For monthly logs, I have a habit tracker, a health log, and an exercise log. The habit tracker is a grid with the days of the month as columns and the habits I'm interested as rows - when I've done the thing, I colour in the square. The other logs are just blank pages that I write a line in every day. The health log has been very useful in combination with the habit tracker - hey, it turns out that when I don't eat properly, I get stomach ache! Who knew?
Apart from that, your bullet journal can be whatever you want it to be. Some of my pages are just doodles - on one page I have the rules of Galaxy Trucker written down, and on another, a list of all the things my cat is good at. If it's in your brain, put it on some paper, then you can either do something about it or turn the page and let it float past you.
Summer is here and with it comes wave after wave of conferences. Here are a few ways to make conference season a little more pleasant and a little less stressful.
Having a master packing list that you consult each time you go away is the only way to make sure you don't forget anything important. Don't forget any medications that you take, earplugs, cables for electronics, pyjamas, and toothpaste.
I know it's old advice, but rolling your clothes is a great way of fitting them into your suitcase. It also means you can pull them out when you need them without having to extract them from layers of other clothes. People say it reduces wrinkling, but my other half summed it up rather succinctly when he said "it's not that you don't get creases - they're just different creases."
I made a great decision a couple of years ago when I bought a pack of 10 clear plastic pencil cases. I use them for everything - make-up, medication, craft supplies, snacks, cables... If you put all your small items into clear pencil cases, you can see at a glance where they are.
I put together a little first aid kit to remedy any of the small things that would be annoying - bonjela in case of a mouth ulcer, eye drops and antihistamines in case of the dreaded pollen, antacids for stomach ache, painkillers for headaches, and plasters for small wounds.
A little folding travel plug like this one can be very useful to slip into your handbag with a USB cable for charging on the go.
When it comes to dressing for travel, comfort is key. I love stretchy clothes like leggings, t-shirts and hoodies. If you've got any sports clothes made out of moisture-wicking fabric, these are great for travelling on a hot day as they stop you feeling sweaty.
Have you ever wanted to watch the scenery rush past out of a train window, but been stopped by a big greasy forehead mark from whoever was sitting there before you? Bring a little packet of wet wipes so you can give the window a wipe and have an unobstructed view.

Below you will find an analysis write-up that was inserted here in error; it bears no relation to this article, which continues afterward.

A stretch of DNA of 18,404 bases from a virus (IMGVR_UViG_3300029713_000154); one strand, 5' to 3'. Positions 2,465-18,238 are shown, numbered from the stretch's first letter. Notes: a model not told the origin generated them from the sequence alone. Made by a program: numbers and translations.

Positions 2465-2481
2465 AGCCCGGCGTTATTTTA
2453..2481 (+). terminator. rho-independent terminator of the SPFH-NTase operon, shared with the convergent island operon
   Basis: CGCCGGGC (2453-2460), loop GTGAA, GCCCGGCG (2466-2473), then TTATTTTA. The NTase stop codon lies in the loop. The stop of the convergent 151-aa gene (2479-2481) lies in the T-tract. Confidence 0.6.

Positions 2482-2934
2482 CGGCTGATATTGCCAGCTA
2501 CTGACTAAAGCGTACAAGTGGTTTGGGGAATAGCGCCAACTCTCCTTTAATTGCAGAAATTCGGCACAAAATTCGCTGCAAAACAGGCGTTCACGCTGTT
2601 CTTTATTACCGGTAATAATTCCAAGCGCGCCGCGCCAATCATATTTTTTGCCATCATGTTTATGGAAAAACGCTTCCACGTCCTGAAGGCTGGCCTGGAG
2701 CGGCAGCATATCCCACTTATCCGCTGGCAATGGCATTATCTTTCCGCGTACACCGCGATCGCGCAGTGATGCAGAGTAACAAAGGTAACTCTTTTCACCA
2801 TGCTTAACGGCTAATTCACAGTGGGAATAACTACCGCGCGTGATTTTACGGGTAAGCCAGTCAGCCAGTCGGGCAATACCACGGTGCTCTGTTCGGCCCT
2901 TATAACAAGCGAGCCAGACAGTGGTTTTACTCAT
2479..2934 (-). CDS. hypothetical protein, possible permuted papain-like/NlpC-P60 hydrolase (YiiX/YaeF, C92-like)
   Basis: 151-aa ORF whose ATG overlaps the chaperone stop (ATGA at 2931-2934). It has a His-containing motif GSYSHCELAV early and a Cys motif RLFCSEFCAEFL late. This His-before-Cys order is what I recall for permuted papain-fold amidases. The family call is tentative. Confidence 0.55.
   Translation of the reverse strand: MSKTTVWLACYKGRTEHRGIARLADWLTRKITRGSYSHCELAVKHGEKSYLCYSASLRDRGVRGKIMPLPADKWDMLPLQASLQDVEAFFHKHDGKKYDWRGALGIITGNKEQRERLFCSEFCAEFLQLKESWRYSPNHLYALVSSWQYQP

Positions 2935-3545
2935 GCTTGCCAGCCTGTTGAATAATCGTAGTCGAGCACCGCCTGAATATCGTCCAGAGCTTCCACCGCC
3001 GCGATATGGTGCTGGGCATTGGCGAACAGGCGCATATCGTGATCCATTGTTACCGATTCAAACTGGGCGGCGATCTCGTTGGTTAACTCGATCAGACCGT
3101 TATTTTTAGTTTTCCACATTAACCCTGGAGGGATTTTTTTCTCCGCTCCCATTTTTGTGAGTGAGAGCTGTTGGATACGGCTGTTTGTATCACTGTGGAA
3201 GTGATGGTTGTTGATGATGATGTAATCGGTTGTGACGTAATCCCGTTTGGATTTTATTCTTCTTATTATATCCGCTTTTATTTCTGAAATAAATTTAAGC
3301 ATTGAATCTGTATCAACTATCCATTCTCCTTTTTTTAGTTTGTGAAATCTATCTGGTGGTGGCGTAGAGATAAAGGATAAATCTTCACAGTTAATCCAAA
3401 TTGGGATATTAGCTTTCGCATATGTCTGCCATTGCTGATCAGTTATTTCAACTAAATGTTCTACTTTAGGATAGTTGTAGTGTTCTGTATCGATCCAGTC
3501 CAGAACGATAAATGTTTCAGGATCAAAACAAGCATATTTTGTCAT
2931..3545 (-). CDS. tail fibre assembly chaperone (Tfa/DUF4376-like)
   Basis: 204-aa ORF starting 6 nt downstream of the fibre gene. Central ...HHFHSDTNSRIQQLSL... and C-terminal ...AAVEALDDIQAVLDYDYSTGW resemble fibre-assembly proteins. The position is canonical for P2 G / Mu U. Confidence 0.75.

I don't have many other travel tips apart from - bring a book and don't put your bag on the seat next to you on a busy train like a jerk.
Hotel room hacks
Most hotels that cater for UK or Irish guests will have tea, coffee and a kettle in your room (for hotels without, my mum brings a tiny travel kettle). The tea and coffee supplied might not always be your preferred type, so I like to bring a few tea options with me (chamomile and Earl Grey are my favourites). I'm not a coffee drinker, but I've seen a few people with this AeroPress, which you put on your mug to make filter coffee for one.
If you get a stain on something you'd like to wear again, this travel wash is a great, concentrated solution that you can use in your hotel sink.
When your crumpled clothes emerge from your suitcase, a sensible person might iron them. However, if you, like me, hate ironing enough to never do it unless strictly necessary, an acceptable second choice is to hang up the garment in the bathroom before you have a hot shower. The steam will help some (but definitely not all) of the creases to drop out.
If I'm feeling particularly energetic I find it helpful to do a small workout before bed. Some exercises that you can do without equipment, that don't make weird thumping noises to disturb your neighbours, are salute to the sun, lunges, squats, planks, and most types of crunches. Equally, sometimes an exercise regime has to take a backseat to relaxing.
If you can, try to find a poster printing shop near to your venue so you don't have to lug a poster tube over on the plane. I've done this at my last two conferences, and it gives you a little extra time for putting the finishing touches on your poster as well as preventing problems with posters getting lost or crumpled. In both cases, it was also cheaper than getting it printed by the university!